Martin Lewis: The one thing everyone aged over 66 needs to know

Martin Lewis: The one thing everyone aged over 66 needs to know

It is a national tragedy that getting on for a million pensioners, many of whom have been paying into the system for years, are missing out on a critical boost to their income. It's called pension credit, and this year it also means you get an extra £650 to help with energy bills.

So as we're slap-bang in the middle of a cost of living crisis, it's crucial we spread the word as quickly as possible, as this payment is worth on average £3,300 a year, and it may stave off physical and mental health risks in what I suspect will be a dangerously expensive coming winter.

A 10-second summary (spread word)…

My simple rule of thumb is... if you are of state pension age (so currently 66 or older) and have total weekly income under roughly £200, then get online at www.gov.uk/pensioncredit or call the pension credit helpline on 0800 99 1234 (or 0808 100 6165 in Northern Ireland) to see if you're due.

I'm not saying everyone in this position is entitled to pension credit, but many are, so this is the point at which it's worth spending five minutes to check. The worst that can happen is they say no. So don't stall, just call (actually, try the website first if you're more comfortable with that, but I couldn't think of a rhyme for going online).

Q. Can I get it if I'm a homeowner / claim other benefits / live with grown-up family? Yes.

Q. What counts as 'total income'? Income from work, pension, state pension, some benefits, and savings/investments over £10,000 (this is counted as £1 a week in income per £500 of savings above £10,000 – if only).

Now the nitty gritty – what is pension credit?

You could just stop with the info above, but if you want to know more, read on. Pension credit's a naff name for what's simply an income 'top-up' payment. Technically it's a means-tested benefit to help those without enough to live off, with two parts:

  • Guarantee credit: This tops your income up to at least £182.60 a week for single people or £278.70 a week for cohabiting or married couples of state pension age. The average top-up is £65 a week, so that's £3,300 a year.

    The reason I say check if you've income under £200 is first as you may get more if you've got extra 'responsibilities', such as a severe disability, you're a carer or look after an under 20-year-old, and second because of…
  • Savings credit: If you hit state pension age before April 2016 (so you're roughly aged 71+), you may be due a top-up if you have savings, even if you're not due guarantee credit – the aim was to stop those who'd put something aside for their future being disadvantaged.

    I'm going to explain how it works, but it is really complex, so if that scares you don't read the next paragraph, just call and check if you're due.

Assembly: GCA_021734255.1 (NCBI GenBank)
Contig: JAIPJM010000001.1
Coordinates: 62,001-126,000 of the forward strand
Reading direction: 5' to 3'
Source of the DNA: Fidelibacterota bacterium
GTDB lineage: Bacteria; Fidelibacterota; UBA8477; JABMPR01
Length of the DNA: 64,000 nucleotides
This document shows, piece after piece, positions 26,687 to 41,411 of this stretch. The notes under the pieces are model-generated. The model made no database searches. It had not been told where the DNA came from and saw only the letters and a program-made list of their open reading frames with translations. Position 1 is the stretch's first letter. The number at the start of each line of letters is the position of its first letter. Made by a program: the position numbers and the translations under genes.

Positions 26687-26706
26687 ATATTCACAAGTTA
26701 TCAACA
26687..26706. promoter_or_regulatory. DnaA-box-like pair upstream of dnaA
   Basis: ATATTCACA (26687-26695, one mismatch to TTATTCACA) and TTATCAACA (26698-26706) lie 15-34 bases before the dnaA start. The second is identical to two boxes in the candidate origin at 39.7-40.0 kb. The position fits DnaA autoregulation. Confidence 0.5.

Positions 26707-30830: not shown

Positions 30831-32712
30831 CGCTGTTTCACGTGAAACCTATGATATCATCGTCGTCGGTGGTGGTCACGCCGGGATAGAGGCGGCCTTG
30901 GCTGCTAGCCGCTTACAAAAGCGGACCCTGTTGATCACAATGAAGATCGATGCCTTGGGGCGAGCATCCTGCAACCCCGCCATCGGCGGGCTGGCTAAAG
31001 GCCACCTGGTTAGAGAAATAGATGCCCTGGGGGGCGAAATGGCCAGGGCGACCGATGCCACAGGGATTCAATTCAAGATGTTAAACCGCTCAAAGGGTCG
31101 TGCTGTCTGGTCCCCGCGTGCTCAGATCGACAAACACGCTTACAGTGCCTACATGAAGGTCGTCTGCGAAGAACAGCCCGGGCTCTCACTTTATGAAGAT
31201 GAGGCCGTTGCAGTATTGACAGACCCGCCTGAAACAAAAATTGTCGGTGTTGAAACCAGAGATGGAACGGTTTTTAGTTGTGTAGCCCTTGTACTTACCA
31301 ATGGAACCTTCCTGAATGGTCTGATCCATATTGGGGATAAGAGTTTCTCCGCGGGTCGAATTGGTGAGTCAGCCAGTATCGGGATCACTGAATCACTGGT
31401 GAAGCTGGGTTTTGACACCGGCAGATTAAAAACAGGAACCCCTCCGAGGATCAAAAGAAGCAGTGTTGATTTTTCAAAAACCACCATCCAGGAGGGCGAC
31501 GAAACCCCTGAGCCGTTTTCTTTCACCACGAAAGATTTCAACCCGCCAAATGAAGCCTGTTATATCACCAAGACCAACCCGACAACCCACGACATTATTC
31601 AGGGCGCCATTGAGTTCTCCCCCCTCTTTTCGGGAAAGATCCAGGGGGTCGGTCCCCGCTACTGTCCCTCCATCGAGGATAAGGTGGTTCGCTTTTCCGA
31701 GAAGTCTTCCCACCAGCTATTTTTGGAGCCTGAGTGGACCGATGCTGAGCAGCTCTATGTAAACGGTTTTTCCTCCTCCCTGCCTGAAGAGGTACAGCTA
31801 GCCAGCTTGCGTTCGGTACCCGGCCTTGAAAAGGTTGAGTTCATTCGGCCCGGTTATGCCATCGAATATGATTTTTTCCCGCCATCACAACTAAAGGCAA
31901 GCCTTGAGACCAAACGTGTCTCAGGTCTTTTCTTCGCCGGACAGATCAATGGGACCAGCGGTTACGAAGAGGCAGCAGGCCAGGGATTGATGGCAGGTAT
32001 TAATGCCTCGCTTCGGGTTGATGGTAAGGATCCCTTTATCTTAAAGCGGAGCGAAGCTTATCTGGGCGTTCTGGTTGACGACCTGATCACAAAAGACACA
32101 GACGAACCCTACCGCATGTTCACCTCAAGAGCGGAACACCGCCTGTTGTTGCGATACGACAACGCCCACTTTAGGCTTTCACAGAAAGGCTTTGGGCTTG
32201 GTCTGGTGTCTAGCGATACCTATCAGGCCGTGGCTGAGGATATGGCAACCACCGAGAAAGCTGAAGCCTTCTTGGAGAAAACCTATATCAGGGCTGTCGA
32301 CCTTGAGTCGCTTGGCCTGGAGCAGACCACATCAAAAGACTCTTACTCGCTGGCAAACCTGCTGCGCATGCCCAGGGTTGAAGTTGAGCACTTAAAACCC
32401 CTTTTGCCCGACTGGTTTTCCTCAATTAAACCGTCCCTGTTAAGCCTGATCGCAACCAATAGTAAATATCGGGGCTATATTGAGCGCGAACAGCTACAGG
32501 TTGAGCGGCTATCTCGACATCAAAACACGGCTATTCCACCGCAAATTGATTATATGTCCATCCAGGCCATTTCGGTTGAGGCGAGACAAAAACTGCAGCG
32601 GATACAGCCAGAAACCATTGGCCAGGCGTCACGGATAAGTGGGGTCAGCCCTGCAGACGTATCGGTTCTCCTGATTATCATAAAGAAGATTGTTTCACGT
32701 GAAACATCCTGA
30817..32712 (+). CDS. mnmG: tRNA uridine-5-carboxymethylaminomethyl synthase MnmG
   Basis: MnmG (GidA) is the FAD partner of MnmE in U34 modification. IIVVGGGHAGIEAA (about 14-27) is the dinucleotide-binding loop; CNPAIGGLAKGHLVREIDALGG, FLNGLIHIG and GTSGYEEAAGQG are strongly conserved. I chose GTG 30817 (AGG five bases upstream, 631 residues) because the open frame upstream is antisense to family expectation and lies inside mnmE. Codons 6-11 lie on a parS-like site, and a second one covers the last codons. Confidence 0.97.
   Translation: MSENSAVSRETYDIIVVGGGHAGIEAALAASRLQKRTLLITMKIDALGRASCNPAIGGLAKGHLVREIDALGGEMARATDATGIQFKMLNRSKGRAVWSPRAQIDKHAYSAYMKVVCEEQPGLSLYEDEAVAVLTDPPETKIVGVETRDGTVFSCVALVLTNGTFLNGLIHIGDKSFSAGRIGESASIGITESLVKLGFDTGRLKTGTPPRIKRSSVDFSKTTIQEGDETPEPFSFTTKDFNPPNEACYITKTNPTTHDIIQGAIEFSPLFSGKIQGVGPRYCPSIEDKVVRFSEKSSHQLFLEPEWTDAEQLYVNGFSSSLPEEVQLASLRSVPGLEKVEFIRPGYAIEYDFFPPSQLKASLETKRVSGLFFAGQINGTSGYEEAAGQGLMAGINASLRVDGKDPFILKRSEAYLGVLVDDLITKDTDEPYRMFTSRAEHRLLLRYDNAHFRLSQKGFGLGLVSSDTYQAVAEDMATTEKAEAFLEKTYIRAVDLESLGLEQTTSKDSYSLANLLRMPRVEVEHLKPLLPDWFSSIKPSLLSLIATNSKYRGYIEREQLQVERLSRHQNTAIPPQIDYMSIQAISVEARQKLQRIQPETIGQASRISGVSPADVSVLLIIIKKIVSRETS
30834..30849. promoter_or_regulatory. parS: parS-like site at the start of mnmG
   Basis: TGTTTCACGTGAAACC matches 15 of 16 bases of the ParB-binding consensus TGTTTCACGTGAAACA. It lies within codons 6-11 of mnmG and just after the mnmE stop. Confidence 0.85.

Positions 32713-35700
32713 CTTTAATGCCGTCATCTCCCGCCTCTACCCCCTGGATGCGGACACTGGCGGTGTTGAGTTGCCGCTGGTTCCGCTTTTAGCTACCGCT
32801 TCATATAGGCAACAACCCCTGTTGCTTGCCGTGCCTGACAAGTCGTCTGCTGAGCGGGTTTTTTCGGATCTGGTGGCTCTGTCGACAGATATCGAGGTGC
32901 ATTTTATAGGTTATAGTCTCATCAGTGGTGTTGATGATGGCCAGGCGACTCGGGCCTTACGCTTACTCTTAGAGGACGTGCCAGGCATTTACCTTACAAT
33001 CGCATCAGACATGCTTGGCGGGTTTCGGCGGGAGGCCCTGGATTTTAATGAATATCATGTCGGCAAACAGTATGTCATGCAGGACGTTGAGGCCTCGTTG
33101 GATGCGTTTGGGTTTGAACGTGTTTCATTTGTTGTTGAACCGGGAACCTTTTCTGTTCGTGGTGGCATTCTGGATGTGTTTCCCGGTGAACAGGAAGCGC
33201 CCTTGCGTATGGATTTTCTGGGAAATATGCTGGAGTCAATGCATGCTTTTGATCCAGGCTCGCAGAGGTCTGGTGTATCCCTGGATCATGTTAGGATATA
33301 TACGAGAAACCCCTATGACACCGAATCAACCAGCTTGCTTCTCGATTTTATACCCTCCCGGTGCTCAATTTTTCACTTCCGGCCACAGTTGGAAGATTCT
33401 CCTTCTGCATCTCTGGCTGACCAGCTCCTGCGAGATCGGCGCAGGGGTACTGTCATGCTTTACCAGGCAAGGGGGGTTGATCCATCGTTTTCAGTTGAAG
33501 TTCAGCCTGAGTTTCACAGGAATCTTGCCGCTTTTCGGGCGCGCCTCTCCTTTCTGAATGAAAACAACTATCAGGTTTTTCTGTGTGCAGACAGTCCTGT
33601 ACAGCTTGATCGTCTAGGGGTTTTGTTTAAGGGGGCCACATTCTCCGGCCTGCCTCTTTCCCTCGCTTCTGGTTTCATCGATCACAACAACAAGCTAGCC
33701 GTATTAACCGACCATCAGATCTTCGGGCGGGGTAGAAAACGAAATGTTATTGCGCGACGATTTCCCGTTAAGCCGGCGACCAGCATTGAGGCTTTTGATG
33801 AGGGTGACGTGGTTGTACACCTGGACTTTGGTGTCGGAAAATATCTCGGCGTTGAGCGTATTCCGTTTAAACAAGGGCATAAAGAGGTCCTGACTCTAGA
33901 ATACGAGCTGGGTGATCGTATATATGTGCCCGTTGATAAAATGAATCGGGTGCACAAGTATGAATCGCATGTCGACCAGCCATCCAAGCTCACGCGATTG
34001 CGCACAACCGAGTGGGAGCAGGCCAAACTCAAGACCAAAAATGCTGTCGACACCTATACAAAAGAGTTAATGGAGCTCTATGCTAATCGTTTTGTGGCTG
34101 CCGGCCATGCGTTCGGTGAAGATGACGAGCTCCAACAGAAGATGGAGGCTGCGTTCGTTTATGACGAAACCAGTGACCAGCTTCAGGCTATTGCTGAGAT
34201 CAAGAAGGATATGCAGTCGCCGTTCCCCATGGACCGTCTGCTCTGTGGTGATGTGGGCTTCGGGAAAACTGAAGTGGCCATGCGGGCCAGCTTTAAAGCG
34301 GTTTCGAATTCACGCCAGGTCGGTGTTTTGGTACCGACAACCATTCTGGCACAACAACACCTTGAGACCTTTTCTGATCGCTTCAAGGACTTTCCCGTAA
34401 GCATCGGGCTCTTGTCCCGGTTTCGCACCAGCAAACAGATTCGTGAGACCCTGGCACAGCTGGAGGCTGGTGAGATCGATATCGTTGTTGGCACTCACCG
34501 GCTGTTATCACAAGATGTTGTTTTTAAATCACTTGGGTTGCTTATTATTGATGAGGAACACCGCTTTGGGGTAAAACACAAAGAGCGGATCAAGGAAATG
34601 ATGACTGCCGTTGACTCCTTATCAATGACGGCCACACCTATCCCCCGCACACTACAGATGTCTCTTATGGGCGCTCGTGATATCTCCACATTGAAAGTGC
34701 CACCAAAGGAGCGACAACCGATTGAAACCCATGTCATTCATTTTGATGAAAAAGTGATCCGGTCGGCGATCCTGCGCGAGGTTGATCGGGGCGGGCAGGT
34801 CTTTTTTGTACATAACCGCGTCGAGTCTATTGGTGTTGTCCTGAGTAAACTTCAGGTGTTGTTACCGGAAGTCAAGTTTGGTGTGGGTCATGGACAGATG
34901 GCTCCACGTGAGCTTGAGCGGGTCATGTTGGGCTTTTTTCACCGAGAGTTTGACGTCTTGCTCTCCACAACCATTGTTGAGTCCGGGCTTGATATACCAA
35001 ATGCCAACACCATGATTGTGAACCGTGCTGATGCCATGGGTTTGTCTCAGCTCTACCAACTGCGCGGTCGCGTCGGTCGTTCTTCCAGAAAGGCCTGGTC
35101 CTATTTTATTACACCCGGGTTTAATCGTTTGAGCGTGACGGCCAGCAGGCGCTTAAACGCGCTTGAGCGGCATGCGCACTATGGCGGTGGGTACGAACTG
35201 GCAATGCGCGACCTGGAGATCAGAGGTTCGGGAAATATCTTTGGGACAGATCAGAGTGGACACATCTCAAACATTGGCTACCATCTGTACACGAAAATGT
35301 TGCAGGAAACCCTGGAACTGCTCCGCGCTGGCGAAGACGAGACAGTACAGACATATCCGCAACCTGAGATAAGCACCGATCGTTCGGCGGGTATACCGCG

Here goes... if some of your current income is from savings (it's counted as £1 a week income per £500 of savings above £10,000) and that takes you above £158 a week in income (£252 for a couple), then you get 60p extra paid per £1 of income up to a maximum of £14.50 a week. Simple, eh!

Pension credit has a superpower... it's a gateway entitlement triggering many other boons

If you're entitled to the guarantee credit element, this also entitles you to a host of other state protections. Here are just some of them:

  • URGENT: One-off £650 lump sum to help with energy bill rises (£325 paid in July, £325 autumn). The Chancellor announced this cash in May. And while you needed to be claiming some of the other qualifying benefits at the time to be due the first payment, for pension credit, provided you claim by 18 August 2022, you can backdate your claim and still get it (as long as you were state pension age in May), so that's a major boon.

  • Free TV licence for over-75s – worth £159. Those over-75s on pension credit can claim a free one for their household.

  • Council tax reduction – potentially worth £1,000s a year. Depending on your local authority's rules, this may cover your entire council tax bill.

  • Help with heating and energy costs – worth £100s. Pension credit entitles you to the warm home discount, which is a £150 credit on your energy bill, normally given by the end of March. You could also get extra payments in weeks where there is very cold weather.

  • Housing benefit for renters – potentially worth £1,000s a year. It isn't a fixed amount, but you could get £100s a month, and even have your rent paid in full.

  • Free dental and optical care. You're entitled to free NHS dental care and vouchers for glasses or contact lenses.

For a full list of all the extra pension credits available, see the MSE pension credit guide.